In a previous article, DietDoc considered the effects that psychiatric drugs (i.e. antidepressants, anxiolytics, lithium, MAO-inhibitors, anticonvulsants) can have on appetite, weight gain or loss, and food interactions.
One dietary aspect that can have a pronounced effect on mood and psychological reactions is slimming. Certain slimming diets depress important neurotransmitters and components in slimming pills have such drastic effects that they can change a person’s entire personality and doom users to addiction and drug abuse.
Slimming and neurotransmitters
The use of unbalanced or very-low-energy diets (‘starvation diets’) for the purpose of losing weight can cause deficiencies of all known nutrients (protein, carbohydrates, fats, especially the essential omega-6 and omega-3 fatty acids, vitamins, minerals and bioflavonoids).
All these nutrients play a role in keeping the brain and central nervous system (CNS) functioning properly. If you use a slimming diet that deprives the brain or CNS of nutrients, you should not be surprised if you suddenly feel nervous, anxious, irritable, depressed, moody, or weepy, and think that you are losing your grip on life and sanity.
Psychological reactions caused by diet-induced derangements in neurotransmitter levels are often the reason why people stop dieting when they are trying to lose weight. They feel so depressed or anxious that they cannot keep up with the drastic slimming regimen they have imposed upon themselves. When they stop dieting, they usually regain the weight they have lost, or their weight shoots up to an even higher level, which plunges them into even greater gloom.
The solution is to use a balanced slimming diet that still contains sufficient nutrients to keep your brain and CNS healthy, but promotes steady weight loss. Such diets should contain foods from all the food groups and not be so low in energy that your brain is starved of glucose. Combining a balanced slimming diet with regular exercise will ensure that you do lose weight, and keep depression and anxiety at bay.
Slimming pill ingredients
Certain slimming pill ingredients can have a devastating effect on your normal psychological functioning. Ingredients such as epinephrine and norpseudoepinephrine, which are chemicals that mimic the hormones excreted by the adrenal glands, are often used in slimming pills to depress appetite and increase energy output.
Fight or flee?
Over millions of years, the human body was designed to preserve itself in the face of danger. When faced with a threat, animals and humans are programmed to “Fight or Flee”. To achieve this, the adrenal gland contains two endocrine organs, the adrenal medulla and the adrenal cortex. The adrenal medulla secretes so-called catecholamines called epinephrine, norepinephrine and dopamine.
Norepinephrine and epinephrine cause the following physiological changes in the body:,/p>
- increase the force and rate of contraction of the heart muscle which can cause erratic heartbeats (tachycardia and arrhythmias)
- vasoconstriction to make more blood available to the muscles (increase in blood pressure which can cause hypertension)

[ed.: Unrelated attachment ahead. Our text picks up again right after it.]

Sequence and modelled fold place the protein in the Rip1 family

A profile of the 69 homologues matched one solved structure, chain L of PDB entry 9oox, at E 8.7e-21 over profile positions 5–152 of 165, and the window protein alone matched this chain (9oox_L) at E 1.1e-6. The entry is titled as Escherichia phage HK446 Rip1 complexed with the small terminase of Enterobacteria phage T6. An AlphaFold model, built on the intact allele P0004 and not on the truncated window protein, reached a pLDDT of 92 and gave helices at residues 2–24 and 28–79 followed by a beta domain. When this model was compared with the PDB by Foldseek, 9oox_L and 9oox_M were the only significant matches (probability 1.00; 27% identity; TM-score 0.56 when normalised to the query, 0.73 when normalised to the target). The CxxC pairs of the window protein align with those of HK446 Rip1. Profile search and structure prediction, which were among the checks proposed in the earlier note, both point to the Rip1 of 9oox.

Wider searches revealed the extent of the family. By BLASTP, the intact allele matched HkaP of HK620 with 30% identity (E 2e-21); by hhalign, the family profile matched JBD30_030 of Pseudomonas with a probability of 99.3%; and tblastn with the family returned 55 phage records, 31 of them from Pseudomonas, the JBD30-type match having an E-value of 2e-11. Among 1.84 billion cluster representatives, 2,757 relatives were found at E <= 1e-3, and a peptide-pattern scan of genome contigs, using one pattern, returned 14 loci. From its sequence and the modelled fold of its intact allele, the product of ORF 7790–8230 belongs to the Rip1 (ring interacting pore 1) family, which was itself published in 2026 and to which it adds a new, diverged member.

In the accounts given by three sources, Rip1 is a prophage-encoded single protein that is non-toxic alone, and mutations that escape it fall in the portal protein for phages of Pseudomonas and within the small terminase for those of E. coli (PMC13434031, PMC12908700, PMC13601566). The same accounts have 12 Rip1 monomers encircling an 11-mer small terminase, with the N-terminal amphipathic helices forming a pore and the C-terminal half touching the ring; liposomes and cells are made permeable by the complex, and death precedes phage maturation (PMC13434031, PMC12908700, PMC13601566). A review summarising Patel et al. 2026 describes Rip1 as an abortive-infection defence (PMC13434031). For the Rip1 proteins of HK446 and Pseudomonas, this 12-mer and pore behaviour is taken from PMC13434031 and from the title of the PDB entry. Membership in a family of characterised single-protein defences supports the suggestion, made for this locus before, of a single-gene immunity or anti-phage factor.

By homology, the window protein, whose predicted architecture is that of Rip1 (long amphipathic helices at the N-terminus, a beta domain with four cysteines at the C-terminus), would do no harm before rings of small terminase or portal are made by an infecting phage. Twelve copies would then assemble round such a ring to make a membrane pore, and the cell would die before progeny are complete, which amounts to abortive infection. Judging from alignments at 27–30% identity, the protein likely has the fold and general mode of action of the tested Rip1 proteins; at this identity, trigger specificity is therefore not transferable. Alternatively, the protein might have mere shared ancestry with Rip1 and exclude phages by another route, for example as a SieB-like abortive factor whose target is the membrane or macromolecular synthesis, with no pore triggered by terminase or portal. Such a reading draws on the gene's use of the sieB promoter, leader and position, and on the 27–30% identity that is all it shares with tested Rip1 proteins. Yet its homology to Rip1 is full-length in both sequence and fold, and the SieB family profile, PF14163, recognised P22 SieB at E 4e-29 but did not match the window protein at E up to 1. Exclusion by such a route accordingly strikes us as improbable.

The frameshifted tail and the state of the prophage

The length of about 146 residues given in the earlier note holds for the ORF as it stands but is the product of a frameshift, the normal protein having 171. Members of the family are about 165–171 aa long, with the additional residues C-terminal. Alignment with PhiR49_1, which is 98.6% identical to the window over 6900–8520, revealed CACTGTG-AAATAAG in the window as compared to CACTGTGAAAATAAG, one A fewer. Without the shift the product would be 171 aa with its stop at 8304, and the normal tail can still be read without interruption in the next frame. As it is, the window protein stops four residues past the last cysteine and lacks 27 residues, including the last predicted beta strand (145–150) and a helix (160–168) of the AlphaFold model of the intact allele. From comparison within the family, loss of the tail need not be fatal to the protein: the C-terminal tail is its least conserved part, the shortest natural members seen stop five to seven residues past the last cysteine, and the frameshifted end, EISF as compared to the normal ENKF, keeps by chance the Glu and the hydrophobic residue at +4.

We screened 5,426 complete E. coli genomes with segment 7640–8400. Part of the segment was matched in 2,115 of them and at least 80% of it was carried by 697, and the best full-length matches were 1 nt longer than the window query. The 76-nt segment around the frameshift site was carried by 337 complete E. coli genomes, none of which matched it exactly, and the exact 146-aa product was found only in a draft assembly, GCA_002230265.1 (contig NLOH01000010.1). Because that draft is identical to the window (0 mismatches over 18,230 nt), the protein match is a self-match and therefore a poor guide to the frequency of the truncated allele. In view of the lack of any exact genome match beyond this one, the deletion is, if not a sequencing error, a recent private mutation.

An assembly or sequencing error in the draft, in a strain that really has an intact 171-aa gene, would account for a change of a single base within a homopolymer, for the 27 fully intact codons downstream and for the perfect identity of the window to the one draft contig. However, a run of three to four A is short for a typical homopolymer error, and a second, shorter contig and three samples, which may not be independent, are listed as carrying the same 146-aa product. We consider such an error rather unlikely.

- channelling of blood supply away from the body surfaces and digestive tract, to the muscles so that the individual can ‘flee’ (pale appearance, loss of appetite, dry mouth, feelings of nausea, tremors, feeling cold and sweaty)
Under normal circumstance, these ‘fight or flee’ reactions are protective and enable the animal or human to stand up to, or escape, from danger. Such episodes also do not last long and are generally isolated occasions so that the body and nervous system can recover from the drastic effects of these hormones.
However, if you take slimming pills that contain derivatives of the adrenal hormones such as norpseudoepinephrine (a common ingredient in many slimming pills) or synephrine (a herbal form of epinephrine) for weeks and months and even years on end, your body and nervous system never get the chance to relax and recover from the ‘fight or flee’ response.
MIMS lists the following side effects for a typical appetite suppressant that contains norepinephrine or norpseudoepinephrine. Note that some of these are CNS reactions:
- suppressed appetite, nausea, vomiting, dry mouth, thirst
- rapid, irregular heartbeat and cardiac arrhythmias, palpitations and even heart arrest
- fear, anxiety, restlessness, insomnia
- dizziness, faintness, flushing, tremor and muscle weakness
- headache, irritability
- changes in glucose metabolism
- psychotic states
Remember that slimming products that contain citrus aurantium or bitter orange (citrus) extract contain synephrine, which can produce all the symptoms listed above. Taking a herbal slimming product because you think it is ‘safe and natural’ can be just as much of a mind-altering experience as taking a pharmaceutical appetite suppressant.
Danger of addiction
Appetite suppressants containing norepinephrine or norpseudoepinephrine or synephrine can also become addictive. These chemicals give you a ‘high’ and make you feel more energetic (‘flee’ reaction), so you can easily become hooked on such pills and develop a full-blown addiction.
One other disadvantage of appetite suppressants is that their effect wears off over time, so that you may need more and more pills to achieve that ‘high’ and before you know, you are hooked and abusing slimming pills.
For the sake of your overall health and the health of your brain and nervous system, be sensible and don’t take appetite suppressants to lose weight. Don’t think ‘I’ll never get addicted. I’ll just use these pills for a short while until I have lost weight.’ Rather leave such pills alone and lose weight with a balanced, moderately energy-reduced diet and exercise. – (Dr I.V. van Heerden, DietDoc)
Any questions? Ask DietDoc